Lalumiere Language Hall
Backstory and Context
Language Hall is certainly one of the most unique buildings on campus. The
building was designed to contrast the style typical of Marquette’s campus—Gothic
or brown brick—with a more modern look. Its most distinctive feature are the large, oblong windows with bowed out centers that dominate the building. Furthermore, each classroom has a distinct color scheme. Lalumiere Hall rises four stories and operates
primarily as a lecture space. While it is designated as the Language building, a
multitude of other disciplines hold courses in the building. In addition to the faculty of the Department of Languages, Literatures, and Cultures (formerly called Foreign Languages) Lalumiere is home to the faculties of the Department of Social and Cultural Sciences as well as the center for Gender and Sexualities. In addition to office and lecture space, the building possesses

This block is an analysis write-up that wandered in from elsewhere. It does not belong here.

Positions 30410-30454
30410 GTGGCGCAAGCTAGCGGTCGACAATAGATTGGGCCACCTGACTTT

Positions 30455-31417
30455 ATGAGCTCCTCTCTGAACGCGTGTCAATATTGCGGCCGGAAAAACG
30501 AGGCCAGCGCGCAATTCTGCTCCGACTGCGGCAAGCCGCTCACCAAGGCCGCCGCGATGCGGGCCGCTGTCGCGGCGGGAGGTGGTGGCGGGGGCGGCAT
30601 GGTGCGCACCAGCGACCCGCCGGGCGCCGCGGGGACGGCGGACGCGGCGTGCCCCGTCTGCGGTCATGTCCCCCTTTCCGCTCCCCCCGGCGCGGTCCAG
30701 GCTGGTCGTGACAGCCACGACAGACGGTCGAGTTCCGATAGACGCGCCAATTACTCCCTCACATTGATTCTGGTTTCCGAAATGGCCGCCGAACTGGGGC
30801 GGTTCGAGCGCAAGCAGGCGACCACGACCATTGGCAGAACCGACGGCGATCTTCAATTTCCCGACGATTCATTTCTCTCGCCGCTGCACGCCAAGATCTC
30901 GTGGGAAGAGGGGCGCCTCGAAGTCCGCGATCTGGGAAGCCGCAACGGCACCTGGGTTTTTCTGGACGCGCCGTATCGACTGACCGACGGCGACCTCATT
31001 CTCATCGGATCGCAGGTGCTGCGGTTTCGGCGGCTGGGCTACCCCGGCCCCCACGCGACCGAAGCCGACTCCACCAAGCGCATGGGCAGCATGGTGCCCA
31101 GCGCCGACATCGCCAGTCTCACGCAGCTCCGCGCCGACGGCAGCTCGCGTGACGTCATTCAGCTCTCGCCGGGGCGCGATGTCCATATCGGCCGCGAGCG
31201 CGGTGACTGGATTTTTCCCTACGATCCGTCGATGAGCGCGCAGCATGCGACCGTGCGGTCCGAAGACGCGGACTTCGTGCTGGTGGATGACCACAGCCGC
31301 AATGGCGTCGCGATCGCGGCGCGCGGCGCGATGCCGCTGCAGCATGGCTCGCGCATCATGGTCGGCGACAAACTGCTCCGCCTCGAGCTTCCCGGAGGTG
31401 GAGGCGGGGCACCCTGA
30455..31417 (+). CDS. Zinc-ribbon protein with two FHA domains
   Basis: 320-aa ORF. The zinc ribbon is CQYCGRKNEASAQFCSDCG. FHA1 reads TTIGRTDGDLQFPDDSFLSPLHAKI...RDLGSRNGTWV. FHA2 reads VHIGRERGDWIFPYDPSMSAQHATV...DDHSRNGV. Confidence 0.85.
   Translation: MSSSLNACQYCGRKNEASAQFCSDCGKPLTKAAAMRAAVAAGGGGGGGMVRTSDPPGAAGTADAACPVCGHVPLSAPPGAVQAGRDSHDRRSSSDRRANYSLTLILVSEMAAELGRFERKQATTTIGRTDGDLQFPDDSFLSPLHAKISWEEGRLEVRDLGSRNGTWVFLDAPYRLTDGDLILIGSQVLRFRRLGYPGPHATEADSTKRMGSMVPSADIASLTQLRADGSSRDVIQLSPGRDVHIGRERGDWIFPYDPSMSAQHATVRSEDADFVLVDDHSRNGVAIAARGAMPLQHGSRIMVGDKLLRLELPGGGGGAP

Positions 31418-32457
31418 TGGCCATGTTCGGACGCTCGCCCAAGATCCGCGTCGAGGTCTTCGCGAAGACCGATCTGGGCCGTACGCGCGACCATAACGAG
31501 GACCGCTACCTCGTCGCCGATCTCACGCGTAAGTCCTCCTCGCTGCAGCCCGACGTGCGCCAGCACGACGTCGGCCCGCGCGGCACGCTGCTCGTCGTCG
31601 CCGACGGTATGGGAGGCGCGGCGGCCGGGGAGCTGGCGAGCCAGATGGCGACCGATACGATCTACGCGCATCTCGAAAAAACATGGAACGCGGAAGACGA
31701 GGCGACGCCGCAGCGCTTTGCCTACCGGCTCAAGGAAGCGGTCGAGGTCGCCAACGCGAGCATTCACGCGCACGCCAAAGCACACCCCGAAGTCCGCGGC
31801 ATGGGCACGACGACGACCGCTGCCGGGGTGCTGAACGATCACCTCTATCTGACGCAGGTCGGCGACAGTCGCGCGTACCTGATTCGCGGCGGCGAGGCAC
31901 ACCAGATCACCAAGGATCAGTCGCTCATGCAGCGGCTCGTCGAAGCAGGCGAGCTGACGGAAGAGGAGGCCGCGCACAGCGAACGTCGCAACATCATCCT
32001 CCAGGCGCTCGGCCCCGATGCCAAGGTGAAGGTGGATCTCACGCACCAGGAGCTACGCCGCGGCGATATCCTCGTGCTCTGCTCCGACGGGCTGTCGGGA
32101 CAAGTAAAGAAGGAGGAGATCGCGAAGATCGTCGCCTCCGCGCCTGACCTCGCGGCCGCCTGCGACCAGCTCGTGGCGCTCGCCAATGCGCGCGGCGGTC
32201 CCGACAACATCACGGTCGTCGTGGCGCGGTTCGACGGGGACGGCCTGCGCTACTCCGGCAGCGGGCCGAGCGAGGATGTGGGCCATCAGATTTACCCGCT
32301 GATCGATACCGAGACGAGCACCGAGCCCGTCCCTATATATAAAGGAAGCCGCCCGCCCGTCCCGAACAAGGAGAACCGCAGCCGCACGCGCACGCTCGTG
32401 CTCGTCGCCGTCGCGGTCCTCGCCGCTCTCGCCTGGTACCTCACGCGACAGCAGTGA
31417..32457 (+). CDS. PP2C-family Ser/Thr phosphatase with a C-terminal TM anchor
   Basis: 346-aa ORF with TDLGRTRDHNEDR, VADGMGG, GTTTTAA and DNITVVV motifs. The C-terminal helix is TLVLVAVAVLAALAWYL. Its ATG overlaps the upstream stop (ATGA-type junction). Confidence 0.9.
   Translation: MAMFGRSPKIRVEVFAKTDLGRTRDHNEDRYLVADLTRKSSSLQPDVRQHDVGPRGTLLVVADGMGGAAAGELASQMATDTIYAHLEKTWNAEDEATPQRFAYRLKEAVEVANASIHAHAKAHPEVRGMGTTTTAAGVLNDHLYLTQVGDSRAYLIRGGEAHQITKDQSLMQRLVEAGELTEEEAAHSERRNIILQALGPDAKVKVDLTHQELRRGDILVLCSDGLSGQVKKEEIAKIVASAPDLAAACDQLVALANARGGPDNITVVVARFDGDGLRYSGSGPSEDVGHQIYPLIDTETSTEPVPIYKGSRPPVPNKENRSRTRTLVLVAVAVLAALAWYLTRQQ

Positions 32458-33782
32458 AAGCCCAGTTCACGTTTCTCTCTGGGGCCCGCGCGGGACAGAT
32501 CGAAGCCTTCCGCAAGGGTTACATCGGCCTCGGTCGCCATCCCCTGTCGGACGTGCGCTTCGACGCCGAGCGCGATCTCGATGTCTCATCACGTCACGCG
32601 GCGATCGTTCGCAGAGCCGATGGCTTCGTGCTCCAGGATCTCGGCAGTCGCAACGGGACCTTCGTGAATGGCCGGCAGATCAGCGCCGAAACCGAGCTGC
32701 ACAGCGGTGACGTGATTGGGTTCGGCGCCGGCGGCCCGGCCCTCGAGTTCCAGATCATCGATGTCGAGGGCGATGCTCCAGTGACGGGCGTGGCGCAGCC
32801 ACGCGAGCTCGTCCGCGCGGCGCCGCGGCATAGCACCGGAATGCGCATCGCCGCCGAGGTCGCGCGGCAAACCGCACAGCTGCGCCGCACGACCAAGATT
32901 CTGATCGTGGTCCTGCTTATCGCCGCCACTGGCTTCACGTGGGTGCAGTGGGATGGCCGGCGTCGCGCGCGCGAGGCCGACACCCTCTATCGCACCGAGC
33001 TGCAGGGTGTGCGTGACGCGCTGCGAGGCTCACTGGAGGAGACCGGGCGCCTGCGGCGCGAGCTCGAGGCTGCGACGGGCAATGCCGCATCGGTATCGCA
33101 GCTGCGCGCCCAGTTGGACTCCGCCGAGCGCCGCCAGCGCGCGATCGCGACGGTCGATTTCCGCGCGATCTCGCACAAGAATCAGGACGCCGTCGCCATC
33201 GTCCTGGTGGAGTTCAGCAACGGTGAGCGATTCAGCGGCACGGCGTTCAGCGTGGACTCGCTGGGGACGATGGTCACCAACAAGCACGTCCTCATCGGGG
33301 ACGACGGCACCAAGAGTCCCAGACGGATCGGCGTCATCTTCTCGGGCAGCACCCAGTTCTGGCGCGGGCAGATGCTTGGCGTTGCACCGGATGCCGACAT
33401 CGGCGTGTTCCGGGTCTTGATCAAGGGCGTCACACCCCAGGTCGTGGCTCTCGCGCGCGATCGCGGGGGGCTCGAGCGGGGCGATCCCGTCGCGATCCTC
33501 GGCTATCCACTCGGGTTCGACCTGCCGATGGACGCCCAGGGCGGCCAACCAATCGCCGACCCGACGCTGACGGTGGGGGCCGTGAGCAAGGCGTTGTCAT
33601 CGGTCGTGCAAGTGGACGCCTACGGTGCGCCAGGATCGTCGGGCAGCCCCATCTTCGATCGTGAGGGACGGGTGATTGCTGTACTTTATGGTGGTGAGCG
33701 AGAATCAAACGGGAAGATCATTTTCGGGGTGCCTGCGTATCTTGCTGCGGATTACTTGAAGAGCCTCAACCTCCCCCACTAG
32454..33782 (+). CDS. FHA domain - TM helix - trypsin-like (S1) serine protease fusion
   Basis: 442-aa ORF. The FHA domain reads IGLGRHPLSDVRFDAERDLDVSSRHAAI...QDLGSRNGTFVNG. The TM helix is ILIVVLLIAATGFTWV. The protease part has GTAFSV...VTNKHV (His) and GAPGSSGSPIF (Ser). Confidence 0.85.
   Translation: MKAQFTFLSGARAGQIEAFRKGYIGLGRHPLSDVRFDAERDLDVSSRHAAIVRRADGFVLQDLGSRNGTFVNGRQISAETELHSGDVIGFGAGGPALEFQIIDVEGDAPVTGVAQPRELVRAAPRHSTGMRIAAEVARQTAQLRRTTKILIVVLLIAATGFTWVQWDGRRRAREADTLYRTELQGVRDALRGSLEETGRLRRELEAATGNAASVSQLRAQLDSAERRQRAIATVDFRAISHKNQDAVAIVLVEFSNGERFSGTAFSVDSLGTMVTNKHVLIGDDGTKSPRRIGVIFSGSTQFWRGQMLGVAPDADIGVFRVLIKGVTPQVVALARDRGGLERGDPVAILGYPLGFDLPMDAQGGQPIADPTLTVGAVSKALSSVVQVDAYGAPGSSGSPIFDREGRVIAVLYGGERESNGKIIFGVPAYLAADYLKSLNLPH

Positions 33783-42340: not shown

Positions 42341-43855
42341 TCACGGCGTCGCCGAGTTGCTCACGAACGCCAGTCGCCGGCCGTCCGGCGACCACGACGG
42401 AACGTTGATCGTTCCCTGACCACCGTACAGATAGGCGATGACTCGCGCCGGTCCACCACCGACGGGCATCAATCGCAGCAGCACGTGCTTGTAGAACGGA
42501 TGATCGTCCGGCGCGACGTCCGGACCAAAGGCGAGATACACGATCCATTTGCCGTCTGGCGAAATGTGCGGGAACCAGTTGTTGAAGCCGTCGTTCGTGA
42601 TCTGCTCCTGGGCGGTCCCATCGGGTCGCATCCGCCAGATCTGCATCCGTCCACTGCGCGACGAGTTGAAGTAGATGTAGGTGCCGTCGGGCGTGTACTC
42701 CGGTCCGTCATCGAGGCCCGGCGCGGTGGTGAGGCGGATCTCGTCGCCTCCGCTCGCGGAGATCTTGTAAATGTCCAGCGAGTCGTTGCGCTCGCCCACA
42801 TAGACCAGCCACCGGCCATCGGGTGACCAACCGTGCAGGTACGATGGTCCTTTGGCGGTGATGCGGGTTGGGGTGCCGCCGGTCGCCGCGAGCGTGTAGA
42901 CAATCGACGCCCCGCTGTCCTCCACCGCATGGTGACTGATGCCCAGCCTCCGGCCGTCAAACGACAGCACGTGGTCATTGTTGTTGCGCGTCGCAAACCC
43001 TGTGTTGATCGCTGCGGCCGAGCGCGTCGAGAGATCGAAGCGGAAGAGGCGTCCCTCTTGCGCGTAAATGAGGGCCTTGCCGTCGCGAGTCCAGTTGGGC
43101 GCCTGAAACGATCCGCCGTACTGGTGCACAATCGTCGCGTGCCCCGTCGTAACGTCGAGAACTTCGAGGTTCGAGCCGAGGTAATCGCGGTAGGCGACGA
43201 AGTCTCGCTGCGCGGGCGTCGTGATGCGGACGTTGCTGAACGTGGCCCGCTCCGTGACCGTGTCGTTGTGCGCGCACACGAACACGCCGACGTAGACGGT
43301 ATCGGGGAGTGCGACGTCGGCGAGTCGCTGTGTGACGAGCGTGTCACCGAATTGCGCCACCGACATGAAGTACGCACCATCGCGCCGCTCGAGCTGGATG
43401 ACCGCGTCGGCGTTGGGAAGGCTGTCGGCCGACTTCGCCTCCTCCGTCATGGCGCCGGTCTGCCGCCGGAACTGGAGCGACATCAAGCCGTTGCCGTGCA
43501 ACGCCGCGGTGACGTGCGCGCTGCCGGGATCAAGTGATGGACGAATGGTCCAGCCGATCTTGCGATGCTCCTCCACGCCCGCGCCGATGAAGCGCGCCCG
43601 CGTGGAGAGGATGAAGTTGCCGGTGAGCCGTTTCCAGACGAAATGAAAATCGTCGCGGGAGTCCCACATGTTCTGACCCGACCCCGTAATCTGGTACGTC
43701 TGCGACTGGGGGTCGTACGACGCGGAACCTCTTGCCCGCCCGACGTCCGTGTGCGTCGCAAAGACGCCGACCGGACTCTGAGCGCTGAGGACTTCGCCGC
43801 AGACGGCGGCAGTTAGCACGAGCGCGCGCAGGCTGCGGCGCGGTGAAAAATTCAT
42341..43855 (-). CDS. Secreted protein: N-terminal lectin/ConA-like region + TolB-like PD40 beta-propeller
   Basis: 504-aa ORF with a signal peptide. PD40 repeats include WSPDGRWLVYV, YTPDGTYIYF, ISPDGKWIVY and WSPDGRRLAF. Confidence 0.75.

recording studios, methodology rooms, and an auditorium.
The building is named after Stanislaus P. Lalumiere, S.J., the founder and fourth President of the University. Fr. Lalumiere was an Illinois attorney first, and then went on to join the Society of Jesus in 1857. Fr. John Martin Henni—the Bishop of Milwaukee—tasked Fr. Lalumeire, S.J., with the development for an institution of higher learning. In this role, he led the administration in the early days of the school. He served as President of the University for a short while from 1887 to 1889, and then resigned due to failing health.
Jablonsky, Thomas J. Milwaukee's Jesuit University: Marquette, 1881-1981. Marquette University Press, 2007.
Milwaukee Sentinel. March 7, 1970. Marquette University Archives.